Facebook outreach and training

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I am increasingly seeing the potential of Facebook to do what it says on the box:

“… helps you connect and share with the people in your life”.

For many people, it’s the site they use above any other.

Yes, it has its quirky and counter-intuitive features, things you wish you could add to your page but can’t, a sometimes complex way of adding applications, changing your menu items, etc. But as a way of connecting with people – the almost 400 million with Facebook accounts – it is remarkably powerful. It has been translated into over 100 languages: overall usage figures | facts and figures | users by country 2009 | more detailed 2009 demographics slideshow | history. To set this in context, if we exclude China where FB is banned, 30% of web users around the world are on Facebook.

And you can leverage its effectiveness by posting conversation-starting video-clips or other links. (To add a YouTube clip, just copy/paste the YouTube URL for the video in the same way as adding a normal link, and Facebook creates a clickable thumbnail of the video.) A very significant comparison chart posted by Digital Fingerprint shows that there has been a switch in the last two years from creating content to discussing third-party content on social network sites. This ‘Change in Engagement’ suggests that networking people want to chat about things! Very few people use chat rooms these days, and it is more satisfying to discuss issues with those you have some relationship with.

There are many different ways to share the good news in Facebook. Here are some thoughts:

  • First, take time to understand how Facebook really works. Read various online training pages, eg time-wasters to avoid | privacy settings
  • Be aware that you cannot send many ‘cold call’ messages to people who are not your friends – this is not an ideal route to try and is treated as spam. Facebook has a very low daily limit for these messages, as it does for the number of people you can ask to be your friend.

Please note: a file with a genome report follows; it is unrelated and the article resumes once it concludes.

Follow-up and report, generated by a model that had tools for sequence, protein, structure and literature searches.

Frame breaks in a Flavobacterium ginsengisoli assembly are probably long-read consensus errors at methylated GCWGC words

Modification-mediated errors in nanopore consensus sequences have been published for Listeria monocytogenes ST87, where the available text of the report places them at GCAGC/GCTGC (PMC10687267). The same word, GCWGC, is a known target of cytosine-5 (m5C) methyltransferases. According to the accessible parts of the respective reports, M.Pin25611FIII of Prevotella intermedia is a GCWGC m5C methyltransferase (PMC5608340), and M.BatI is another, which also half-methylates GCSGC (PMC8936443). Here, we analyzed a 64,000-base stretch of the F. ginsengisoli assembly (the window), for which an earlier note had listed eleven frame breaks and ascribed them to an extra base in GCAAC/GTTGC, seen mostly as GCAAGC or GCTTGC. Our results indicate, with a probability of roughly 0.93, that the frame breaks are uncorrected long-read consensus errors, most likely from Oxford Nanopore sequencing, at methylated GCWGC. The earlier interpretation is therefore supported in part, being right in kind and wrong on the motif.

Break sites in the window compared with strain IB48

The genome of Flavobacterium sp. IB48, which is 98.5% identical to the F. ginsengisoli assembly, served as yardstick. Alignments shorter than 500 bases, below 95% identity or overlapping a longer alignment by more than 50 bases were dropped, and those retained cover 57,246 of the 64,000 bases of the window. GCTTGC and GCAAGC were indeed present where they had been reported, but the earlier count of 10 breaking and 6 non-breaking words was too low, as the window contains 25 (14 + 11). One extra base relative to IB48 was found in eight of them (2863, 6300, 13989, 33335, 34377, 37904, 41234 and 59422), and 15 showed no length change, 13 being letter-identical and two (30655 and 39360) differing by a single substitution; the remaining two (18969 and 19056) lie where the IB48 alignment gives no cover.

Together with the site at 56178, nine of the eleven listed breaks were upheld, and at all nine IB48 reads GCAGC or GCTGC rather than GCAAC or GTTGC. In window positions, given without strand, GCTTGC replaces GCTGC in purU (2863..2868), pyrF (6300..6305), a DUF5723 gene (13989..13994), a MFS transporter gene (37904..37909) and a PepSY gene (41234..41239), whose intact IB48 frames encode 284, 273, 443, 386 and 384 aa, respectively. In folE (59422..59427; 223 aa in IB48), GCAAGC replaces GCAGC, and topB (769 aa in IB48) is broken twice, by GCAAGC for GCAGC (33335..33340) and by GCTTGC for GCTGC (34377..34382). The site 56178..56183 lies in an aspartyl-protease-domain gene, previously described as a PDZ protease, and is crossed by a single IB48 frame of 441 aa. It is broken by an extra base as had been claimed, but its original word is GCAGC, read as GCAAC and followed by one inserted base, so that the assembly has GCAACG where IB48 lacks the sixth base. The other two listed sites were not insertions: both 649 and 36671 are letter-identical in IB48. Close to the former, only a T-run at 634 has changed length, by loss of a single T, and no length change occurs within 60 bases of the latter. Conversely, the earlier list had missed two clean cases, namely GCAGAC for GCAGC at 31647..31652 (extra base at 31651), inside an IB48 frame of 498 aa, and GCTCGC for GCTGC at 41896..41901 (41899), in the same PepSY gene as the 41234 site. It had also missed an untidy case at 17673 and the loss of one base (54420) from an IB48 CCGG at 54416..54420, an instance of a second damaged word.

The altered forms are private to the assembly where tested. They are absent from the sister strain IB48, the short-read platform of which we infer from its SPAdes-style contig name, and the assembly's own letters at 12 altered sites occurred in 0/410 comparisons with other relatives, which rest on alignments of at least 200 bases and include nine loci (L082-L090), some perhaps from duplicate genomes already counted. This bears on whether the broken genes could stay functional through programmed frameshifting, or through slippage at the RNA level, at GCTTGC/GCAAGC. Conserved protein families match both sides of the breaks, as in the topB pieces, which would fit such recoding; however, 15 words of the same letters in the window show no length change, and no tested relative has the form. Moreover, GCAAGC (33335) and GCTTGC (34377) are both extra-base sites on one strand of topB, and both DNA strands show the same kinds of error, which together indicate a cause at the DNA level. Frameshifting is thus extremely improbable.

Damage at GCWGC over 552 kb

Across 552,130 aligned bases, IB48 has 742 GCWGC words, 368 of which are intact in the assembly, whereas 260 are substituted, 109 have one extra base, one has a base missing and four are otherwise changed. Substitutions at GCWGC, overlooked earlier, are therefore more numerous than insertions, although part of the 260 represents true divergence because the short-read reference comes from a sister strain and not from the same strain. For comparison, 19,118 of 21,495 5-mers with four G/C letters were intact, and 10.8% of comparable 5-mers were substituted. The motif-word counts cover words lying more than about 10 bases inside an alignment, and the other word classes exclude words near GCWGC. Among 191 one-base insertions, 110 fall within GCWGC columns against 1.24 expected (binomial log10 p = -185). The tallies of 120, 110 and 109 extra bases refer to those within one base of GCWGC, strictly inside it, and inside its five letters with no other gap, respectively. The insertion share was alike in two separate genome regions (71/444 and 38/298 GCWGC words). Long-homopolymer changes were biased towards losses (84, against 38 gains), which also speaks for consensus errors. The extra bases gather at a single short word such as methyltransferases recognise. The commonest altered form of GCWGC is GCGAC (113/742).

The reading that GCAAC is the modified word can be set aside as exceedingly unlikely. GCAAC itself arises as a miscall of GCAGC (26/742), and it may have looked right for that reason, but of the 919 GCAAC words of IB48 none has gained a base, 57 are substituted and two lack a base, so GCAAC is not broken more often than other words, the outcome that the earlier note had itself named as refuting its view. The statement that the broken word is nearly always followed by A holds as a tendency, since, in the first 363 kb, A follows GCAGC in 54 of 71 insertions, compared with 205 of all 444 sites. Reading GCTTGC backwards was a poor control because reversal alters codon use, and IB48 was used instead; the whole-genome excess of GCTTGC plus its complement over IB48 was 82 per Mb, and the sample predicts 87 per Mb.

• Facebook Fan pages have potential too, as they link people around a shared interest.
  • You can integrate blog posts (yours or other people’s) directly into Facebook if the blog is first registered at NetworkedBlogs.com. But don’t use blogs that are written entirely for Christians, they are unlikely to be of interest to anyone else.
  • There are vast numbers of ‘applications’ to add to Facebook, eg a book recommendation tab.
  • If you are much involved in church leadership and have many ministry leaders as friends, you will probably need a separate Facebook page to do evangelism, using a name variant or nickname. Their postings and concerns will not relate to, and perhaps repel, non-yet-Christians. This applies even more if you are a cross-cultural mission person and want to reach out to various ethnic groups within Facebook – for which it is an incredible yet barely used opportunity.
  • On a FB profile for not-yet-believers to view, be very careful how you describe yourself. Do not, ever, enter anything in the space for political views, because whatever they are, they will be a stumbling block for the many who happen to hold a different view. Consider describing your religious views as, for instance, ‘Jesus follower’, which bypasses the increasingly negative baggage associated with the word ‘Christian’.
  • Use integrity. Don’t treat people as ‘gospel fodder’. Build real unconditional relationships with respect and tolerance. It’s dialogue, not preaching.
  • Facebook also offers an opportunity for churches to use social networking. However, as Church Crunch explains, social networking is
    a conversation, not a destination.

This year’s Online Missions Trip has just finished. Here is Tim Schmoyer explaining how it worked, with large numbers of youth group members becoming involved in the intentional use of Facebook and other social media:

 

Paul Watson, of Reaching the Online Generation, is offering a web evangelism online summer missions training program which will major on using social media:

More on Facebook evangelism.

There are a growing number of conferences which include training in web evangelism, and various training videos, though we have none posted on social media evangelism yet. If you have good ones to recommend, please use the ‘comment’ link below.

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